Asian Markets Fall After China Rate Hike

Asian shares fell on Wednesday after China's latest rate hike, with a number of mainland property and resource stocks down throughout the trading day.

The People's Bank of China (PBOC) raised interest rates for the second time in just over six weeksto rein in stubbornly high inflation.

The Shanghai Composite Index , which reopened after the week-long Lunar New Year holiday, was broadly weaker.

The property sub-index in Shanghai fell 2.1 percent. That weighed on developers in Hong Kong, which have lagged the broader market this year after a strong second-half rally into the close of 2010.

Hong Kong's property sub-index fell 2.4 percent and is down 2 percent this year compared with Hang Seng Index's 1.3 percent advance. The Hang Seng declined 1.4 percent, its lowest closing so far this year.

Sino Land dropped 2 percent, while local bellwethers Sun Hung Kai Properties fell 2.2 percent and Cheung Kong (Holdings) eased 3.1 percent.

HSBC , which has a near 15 percent weighting on the HSI, gained 1 percent.

Banking shares were down by the end of the session. Industrial and Commercial Bank of China , the world's biggest bank by market capitalisation, slipped 0.2 percent.

Steelmakers and other commodity-related firms mostly fell, even though Shanghai futures for steel rebar and rubber hit record highs after the reopening of the market, catching up with price rises elsewhere during the past week.

Sentiment Dampens

The weakness in Shanghai dampened sentiment in other Asian markets.

Japan's Nikkei 225 edged lower to come off a nine-month high on Wednesday, as profit-taking in bank shares erased earlier gains made on upbeat earnings guidance from Toyota Motor.

Toyota Motor's shares jumped 5 percent after a U.S. government probe cleared its electronics of causing unintended acceleration, and after the automaker raised its annual outlook above market expectations.

Seoul shares extended losses to shed 1.2 percent on Wednesday, pressured by continued foreign selling and falls in automakers like Hyundai Motor after China's rate hike.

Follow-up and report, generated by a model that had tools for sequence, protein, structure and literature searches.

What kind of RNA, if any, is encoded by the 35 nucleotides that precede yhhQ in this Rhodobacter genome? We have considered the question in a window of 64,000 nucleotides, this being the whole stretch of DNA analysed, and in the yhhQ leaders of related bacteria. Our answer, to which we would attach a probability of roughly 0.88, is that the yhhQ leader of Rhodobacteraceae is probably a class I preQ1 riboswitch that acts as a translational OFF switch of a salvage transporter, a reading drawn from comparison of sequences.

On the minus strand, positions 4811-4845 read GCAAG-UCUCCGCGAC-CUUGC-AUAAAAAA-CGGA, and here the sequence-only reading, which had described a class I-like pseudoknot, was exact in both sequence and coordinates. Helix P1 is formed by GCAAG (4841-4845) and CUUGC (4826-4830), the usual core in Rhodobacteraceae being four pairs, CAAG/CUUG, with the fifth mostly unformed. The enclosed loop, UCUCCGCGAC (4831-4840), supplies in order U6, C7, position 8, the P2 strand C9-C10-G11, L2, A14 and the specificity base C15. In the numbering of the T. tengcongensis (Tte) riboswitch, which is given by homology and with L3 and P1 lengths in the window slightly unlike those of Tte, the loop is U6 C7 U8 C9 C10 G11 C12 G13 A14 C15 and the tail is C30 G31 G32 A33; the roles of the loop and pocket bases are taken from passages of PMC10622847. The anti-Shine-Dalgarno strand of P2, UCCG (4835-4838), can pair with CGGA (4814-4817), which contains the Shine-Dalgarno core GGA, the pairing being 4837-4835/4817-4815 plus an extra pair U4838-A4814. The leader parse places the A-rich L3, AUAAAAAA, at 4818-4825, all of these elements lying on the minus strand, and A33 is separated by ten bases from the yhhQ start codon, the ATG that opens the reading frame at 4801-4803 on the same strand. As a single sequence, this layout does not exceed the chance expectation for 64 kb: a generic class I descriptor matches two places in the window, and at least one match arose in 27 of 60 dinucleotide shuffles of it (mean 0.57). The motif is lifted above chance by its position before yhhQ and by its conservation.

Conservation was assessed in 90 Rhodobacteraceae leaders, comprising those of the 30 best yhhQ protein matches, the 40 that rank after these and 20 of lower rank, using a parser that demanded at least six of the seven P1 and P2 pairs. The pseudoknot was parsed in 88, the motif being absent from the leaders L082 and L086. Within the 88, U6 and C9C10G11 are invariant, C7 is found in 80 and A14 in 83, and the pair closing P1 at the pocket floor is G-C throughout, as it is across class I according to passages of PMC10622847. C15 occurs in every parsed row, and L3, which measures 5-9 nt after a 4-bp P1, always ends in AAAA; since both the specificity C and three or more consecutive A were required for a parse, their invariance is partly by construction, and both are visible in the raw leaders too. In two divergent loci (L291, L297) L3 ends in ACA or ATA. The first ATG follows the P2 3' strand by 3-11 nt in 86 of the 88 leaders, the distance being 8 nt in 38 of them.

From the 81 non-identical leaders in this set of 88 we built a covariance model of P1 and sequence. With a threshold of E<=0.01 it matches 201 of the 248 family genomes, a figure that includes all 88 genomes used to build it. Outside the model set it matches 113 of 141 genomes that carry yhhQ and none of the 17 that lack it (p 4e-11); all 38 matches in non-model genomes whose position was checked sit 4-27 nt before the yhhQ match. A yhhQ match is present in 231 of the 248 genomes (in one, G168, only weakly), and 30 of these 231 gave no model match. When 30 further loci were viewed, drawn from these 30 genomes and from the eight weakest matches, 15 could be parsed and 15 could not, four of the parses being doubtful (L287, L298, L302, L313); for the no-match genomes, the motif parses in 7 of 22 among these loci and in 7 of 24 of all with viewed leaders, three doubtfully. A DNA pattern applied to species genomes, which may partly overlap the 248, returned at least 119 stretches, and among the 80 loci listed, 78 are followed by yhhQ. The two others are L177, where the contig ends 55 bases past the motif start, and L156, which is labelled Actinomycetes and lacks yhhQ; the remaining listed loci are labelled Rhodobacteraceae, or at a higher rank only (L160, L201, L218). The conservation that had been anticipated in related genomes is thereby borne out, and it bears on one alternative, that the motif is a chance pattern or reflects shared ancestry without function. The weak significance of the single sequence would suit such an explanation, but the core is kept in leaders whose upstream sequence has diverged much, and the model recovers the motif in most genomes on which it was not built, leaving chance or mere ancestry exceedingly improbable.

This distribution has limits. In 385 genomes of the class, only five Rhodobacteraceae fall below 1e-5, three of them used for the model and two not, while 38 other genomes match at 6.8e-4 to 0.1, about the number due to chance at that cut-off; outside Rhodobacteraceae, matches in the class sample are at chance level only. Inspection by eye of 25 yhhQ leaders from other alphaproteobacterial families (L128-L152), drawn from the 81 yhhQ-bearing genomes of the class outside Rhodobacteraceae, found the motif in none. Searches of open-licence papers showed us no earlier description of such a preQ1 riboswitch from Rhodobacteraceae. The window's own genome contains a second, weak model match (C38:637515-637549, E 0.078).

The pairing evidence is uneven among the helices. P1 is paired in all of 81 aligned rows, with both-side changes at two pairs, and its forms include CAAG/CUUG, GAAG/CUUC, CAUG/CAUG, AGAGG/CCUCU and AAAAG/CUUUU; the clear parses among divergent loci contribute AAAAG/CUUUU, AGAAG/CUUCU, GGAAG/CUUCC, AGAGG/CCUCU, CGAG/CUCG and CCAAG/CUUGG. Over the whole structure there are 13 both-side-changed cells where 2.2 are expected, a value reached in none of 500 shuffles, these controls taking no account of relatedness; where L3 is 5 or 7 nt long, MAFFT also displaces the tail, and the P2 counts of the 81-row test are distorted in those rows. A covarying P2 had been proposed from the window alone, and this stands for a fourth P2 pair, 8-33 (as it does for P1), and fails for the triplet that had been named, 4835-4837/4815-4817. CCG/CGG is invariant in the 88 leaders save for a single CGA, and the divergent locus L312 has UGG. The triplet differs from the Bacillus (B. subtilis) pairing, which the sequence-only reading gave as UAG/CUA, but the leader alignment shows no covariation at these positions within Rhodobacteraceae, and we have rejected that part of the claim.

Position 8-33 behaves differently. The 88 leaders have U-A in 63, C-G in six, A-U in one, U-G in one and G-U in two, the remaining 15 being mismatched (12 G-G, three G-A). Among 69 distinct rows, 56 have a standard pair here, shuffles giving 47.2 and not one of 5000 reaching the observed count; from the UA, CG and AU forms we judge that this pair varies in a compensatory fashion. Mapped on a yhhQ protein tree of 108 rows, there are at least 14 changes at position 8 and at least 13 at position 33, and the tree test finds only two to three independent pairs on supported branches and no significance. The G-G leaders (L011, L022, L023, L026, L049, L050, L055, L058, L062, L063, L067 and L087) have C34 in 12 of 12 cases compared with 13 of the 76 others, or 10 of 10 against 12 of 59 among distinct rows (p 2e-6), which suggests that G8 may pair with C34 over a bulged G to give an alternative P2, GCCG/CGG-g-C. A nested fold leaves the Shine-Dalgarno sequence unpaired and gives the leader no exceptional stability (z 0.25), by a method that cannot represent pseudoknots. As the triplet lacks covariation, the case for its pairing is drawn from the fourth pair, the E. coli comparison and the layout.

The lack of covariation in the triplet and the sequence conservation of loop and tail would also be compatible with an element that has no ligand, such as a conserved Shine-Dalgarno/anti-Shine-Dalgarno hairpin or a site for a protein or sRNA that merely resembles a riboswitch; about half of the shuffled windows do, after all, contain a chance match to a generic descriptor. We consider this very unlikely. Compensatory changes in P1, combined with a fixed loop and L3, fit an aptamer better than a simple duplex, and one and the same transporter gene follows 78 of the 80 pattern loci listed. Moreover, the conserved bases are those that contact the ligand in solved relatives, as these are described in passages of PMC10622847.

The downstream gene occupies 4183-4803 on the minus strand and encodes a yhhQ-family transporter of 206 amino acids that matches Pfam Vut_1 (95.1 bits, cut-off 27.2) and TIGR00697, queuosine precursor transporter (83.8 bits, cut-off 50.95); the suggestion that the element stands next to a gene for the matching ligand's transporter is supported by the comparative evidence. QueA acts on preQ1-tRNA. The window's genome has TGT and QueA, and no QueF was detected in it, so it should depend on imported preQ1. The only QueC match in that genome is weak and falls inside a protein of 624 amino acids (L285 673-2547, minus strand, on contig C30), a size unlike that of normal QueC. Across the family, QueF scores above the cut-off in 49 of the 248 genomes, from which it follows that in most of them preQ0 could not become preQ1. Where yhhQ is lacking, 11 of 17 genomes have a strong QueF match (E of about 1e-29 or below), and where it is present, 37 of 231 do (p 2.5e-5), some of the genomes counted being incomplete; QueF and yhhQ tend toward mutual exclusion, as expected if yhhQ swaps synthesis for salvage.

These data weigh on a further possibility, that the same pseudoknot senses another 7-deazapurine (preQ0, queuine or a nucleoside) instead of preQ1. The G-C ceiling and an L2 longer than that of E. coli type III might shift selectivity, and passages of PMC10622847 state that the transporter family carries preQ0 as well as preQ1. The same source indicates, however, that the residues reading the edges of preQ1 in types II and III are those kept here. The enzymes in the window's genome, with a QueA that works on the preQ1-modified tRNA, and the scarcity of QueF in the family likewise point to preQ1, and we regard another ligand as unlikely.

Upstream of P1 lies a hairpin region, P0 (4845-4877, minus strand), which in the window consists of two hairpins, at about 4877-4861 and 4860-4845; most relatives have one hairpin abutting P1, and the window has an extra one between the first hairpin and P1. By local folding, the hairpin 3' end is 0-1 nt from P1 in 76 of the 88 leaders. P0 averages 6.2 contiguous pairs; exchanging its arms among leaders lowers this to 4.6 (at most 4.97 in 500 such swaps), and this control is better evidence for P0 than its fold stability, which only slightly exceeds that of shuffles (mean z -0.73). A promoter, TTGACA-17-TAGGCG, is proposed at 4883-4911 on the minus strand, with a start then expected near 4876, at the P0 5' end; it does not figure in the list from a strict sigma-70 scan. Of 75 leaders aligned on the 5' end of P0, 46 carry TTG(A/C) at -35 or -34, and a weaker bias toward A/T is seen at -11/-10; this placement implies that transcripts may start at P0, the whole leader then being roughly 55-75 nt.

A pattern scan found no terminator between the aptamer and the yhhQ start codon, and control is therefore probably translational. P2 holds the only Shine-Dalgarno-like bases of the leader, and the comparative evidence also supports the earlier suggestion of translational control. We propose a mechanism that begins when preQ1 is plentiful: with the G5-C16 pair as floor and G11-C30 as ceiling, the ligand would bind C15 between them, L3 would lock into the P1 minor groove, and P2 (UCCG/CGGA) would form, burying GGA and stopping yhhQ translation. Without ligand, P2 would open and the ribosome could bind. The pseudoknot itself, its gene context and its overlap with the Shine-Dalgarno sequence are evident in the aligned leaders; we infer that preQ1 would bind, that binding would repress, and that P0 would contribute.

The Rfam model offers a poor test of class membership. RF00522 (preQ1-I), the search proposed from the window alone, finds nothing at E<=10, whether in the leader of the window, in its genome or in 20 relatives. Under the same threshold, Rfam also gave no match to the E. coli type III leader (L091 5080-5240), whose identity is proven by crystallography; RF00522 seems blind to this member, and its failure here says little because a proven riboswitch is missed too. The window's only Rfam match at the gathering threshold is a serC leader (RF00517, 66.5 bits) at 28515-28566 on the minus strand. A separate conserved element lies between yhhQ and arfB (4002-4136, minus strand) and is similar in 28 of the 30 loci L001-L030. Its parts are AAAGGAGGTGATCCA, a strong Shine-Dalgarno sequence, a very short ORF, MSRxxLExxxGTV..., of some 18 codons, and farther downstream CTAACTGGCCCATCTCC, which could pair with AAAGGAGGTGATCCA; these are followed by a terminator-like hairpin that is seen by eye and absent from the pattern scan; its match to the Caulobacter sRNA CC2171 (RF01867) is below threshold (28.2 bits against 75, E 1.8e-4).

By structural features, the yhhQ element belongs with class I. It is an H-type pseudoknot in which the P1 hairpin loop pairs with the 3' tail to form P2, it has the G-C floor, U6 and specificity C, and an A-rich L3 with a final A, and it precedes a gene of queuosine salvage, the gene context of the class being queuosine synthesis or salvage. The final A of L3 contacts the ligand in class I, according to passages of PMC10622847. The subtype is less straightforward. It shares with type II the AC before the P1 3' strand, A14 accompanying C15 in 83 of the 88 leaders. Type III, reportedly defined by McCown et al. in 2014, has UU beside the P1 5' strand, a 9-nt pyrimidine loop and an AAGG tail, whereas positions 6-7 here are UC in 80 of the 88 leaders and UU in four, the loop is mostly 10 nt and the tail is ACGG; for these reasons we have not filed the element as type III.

The Korea Composite Stock Price Index (KOSPI) finished down 1.17 percent at 2,045.58 points.

Sectors sensitive to Chinese demand, such as shipbuilders and chemicals makers, also retreated. Shares in Hyundai Heavy Industries fell 3.9 percent and Samsung Heavy Industries declined 6.4 percent.

Australian stocks rose 0.3 percent on Wednesday in their sixth straight session of gains, led by banks after top home lender Commonwealth Bank of Australiaposted a record first-half profit.

Shares of the big four Australian banks all rose between 1.3 and 2.3 percent, which helped push the benchmark S&P/ASX 200 index above the 4,900 level for the first time since May 2010.

Rio Tinto traded up 1.2 percent ahead of its half year result due on Thursday, while BHP Billiton reversed an early gain to trade down 0.5 percent.

Shares in Australia's biggest building materials firm Boral rose 8.9 percent on opening after the company reported a 28 percent jump in half year profit.

Southeast Asian markets also traded lower. In Singapore, the Straits Times Index (STI) fell more than a percent. Property stocks such as CapitaLand lost ground. Malaysia's Kuala Lumpur Composite Index ended down 0.2 percent.

The FTSE CNBC 100 Index declined 0.5 percent.